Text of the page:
Stuttgart (dpa / lsw) - Greens and CDU in Baden-Württemberg will start the coalition negotiations on Thursday for a revival of their government alliance - and have chosen a dreary topic to start the talks: the finances.
Because of the corona pandemic, Baden-Württemberg is facing a huge mountain of debt.
It is unlikely that it will be possible to keep some of the expensive election promises.
Finance Minister Edith Sitzmann (Greens), herself part of the Green negotiating team, wants to calculate for the would-be coalitionaries around Prime Minister Winfried Kretschmann (Greens) today (from 11 a.m.) how much - or little - money is still in the coffers.
In addition, the Greens and the CDU want to clarify the organization and the course of the coalition talks on Thursday.
Due to the Corona crisis, Grün-Schwarz took on new debts of EUR 13.5 billion in the 2020/2021 double budget.
In addition, the tax sources are no longer gushing.
In 2022 the country will lack 3.6 billion euros, in 2023 around 3.7 billion euros and in 2024 just under 4.1 billion.
On top of that, the new coalition must also tackle the Altschuldenberg, which has grown to 58.5 billion euros.
Kretschmann is counting on the economy picking up again after the crisis.
This time the negotiators do not meet in the House of Architects in Stuttgart as they did during the exploratory talks, but in the so-called House of the Forest, a museum and meeting center near the Stuttgart TV tower.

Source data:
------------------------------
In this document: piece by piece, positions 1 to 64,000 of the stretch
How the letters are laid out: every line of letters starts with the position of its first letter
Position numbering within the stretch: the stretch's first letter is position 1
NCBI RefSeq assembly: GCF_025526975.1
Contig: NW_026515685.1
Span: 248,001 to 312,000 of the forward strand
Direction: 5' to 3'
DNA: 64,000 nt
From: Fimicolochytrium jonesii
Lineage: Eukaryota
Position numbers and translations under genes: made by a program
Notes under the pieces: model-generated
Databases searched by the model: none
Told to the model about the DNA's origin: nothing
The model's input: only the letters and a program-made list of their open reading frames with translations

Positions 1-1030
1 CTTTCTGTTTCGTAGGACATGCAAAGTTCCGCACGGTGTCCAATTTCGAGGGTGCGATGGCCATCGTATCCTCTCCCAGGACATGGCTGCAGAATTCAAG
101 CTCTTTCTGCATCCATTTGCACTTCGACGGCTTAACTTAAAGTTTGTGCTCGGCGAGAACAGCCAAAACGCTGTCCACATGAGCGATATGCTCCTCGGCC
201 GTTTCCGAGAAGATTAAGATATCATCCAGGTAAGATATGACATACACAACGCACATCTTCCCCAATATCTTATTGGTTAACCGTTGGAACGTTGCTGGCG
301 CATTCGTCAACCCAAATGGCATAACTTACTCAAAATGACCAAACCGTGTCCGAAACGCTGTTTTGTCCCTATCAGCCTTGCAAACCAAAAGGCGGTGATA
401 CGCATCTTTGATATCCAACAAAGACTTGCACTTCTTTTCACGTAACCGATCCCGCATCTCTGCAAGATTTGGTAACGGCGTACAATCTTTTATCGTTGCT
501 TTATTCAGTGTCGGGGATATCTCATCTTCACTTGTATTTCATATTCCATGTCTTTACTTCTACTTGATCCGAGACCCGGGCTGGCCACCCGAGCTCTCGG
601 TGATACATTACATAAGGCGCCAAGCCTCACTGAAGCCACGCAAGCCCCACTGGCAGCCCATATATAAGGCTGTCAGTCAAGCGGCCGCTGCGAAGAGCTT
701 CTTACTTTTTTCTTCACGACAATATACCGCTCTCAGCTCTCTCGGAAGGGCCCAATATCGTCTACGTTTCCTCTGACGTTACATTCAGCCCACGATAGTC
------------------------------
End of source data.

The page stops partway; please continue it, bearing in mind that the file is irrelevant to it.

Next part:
First of all, they meet in the constellation of exploratory negotiations: Prime Minister Kretschmann, the Greens state chairmen Sandra Detzer and Oliver Hildenbrand, parliamentary group leader Andreas Schwarz and Finance Minister Sitzmann take part.
Coalition negotiations are to begin for the CDU, state chief and interior minister Thomas Strobl, general secretary Manuel Hagel, parliamentary group leader Wolfgang Reinhart, parliamentary group vice Nicole Razavi and Sigmaringen district administrator Stefanie Bürkle.
Specialist groups should later negotiate the individual subject areas.
On May 12, the 72-year-old Kretschmann wants to be elected head of government for the third time.
The leaders of the Greens and the CDU in the south-west had agreed on Holy Saturday on a seven-page paper that should serve as the basis for the coalition negotiations.
The paper says, among other things, that the Greens and CDU want to hold on to the debt brake.
It would take an “enormous effort” to reduce the structural deficit in the state budget by setting clear priorities and making significant savings.
The reduction in the property transfer tax sought by the Union is not to come.
The Union accommodated the eco party on a number of important issues relating to climate, transport and asylum policy.
Other points in the paper: an immediate program for climate protection, including up to 1000 new wind turbines, a solar requirement for house builders, a change in the right to vote to bring more women into parliament and a local transport tax for municipalities.
© dpa-infocom, dpa: 210408-99-121622 / 2